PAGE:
Double Negatives

Adam   Friday, March 12, 2004, 20:38 GMT
Double negatives annoy me. When someone says "I don't want nothing" it means that they want something.
Chilli   Friday, March 12, 2004, 20:39 GMT
Whoops. Sorry, English, you're absolutely right. Mice is never singular. My bad.

"Double negatives are not wrong in your language, English, they are wrong in your head." LOL. I should come here more often. I know that wasn't supposed to be funny but I've drunk one too many espresso's and turned into a pumpkin.
Chilli   Friday, March 12, 2004, 20:43 GMT
Correction, English, I was talking about double negatives in British English (my native tongue).

Do you mean that they are wrong in the language that you have decided to adopt as your own? (I'm not being sarcastic; just making sure.) Or do you mean that they are wrong in British or American English?

If you mean the second, then I have to disagree. The main point of language is to make a point and be understood clearly. If what is said is perfectly comprehensible, then why does it have to be 'wrong' or 'right'? And a double negative can more often than not help to act as an intensifier, for example: "I don't want none" can be understood to mean "I *really* don't want any".

If it helps get across the subtlest shades of meaning, then why do away with it?
Harbinger   Friday, March 12, 2004, 21:37 GMT
I am also English (I'm pretty sure Chaucer and Shakespeare were too!) and I am talking about English (as well as Spanish and French). All English speakers use double negatives, and I bet you have too.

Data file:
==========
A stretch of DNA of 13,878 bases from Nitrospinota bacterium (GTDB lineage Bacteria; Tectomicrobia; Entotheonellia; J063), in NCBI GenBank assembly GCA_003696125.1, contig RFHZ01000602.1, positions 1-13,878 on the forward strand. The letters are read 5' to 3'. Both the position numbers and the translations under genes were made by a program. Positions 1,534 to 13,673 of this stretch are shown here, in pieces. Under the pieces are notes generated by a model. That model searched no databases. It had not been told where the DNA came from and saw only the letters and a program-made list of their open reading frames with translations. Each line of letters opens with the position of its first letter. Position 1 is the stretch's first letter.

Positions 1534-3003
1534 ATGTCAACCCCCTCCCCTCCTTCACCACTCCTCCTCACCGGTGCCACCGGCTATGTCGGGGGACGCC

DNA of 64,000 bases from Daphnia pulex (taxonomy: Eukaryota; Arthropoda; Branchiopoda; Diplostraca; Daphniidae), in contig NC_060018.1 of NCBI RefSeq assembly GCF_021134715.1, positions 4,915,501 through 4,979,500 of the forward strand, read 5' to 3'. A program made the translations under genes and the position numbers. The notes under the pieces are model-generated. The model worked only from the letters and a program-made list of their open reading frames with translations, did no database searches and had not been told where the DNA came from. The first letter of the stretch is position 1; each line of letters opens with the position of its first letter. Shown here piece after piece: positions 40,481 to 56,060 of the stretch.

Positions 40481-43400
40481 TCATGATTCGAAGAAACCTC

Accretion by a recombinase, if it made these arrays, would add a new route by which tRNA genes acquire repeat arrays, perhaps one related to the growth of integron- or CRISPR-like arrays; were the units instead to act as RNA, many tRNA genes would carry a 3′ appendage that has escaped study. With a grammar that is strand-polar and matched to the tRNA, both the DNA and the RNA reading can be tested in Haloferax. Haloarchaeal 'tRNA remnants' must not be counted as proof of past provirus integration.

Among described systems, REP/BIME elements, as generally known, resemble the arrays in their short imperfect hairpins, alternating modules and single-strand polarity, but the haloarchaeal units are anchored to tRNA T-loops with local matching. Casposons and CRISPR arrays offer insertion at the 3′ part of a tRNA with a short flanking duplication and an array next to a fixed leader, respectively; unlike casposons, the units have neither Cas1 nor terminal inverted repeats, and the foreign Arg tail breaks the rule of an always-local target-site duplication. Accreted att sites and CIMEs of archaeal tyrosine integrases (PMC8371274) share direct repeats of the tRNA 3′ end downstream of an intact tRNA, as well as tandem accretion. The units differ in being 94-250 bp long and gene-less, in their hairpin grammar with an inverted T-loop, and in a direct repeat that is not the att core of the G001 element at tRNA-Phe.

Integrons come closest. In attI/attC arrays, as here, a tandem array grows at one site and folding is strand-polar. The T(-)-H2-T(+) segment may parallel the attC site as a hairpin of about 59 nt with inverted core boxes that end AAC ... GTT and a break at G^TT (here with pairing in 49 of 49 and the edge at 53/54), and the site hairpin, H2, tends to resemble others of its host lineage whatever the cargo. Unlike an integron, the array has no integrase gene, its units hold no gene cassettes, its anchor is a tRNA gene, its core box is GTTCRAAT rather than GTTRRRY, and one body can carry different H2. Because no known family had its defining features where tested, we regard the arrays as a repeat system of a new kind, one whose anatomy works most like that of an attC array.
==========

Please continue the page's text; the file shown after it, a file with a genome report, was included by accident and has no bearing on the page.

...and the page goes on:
English, have you ever said: "It's not unusual"? If so, you have used a double negative - 'not' is a negative and 'unusual' (meaning 'not usual') is a negative. So, you see, even standard English speakers use double negatives. Are you prepared to say that all English speakers are wrong now? I doubt it.

(Am I alone in thinking that English and Adam have either not bothered to read the previous posts on this thread properly or have difficulty understanding them?)
Chilli   Friday, March 12, 2004, 22:18 GMT
Rules are very comfortable; especially linear, black and white ones like, "All xyz's are wrong, and all abc's are right". I think double negatives are going to be a point of cheerful irritation for Angry from Tadcaster for the next five generations at least.
English   Friday, March 12, 2004, 22:54 GMT
I'm am spoken in many different countries and in all of those countries double negatives are wrong.

Harbinger, You said you were English. You're not, your ''hambinger''. You typed ''Harbinger'' as your name not ''English''. The name of my language is not ''Spanish'' or ''French'' or anything like that but ''English''. Did I type ''Spanish'' or ''French'' as my name? No. Double negatives are wrong.
Alice   Friday, March 12, 2004, 23:03 GMT
There is a distinct difference between phrases such as "I don't want none" and "it's not unusual". While in the first, the double negative serves to negate, (at least technically), the point the speaker is making, in the second, it just expresses the point in a slightly convoluted manner.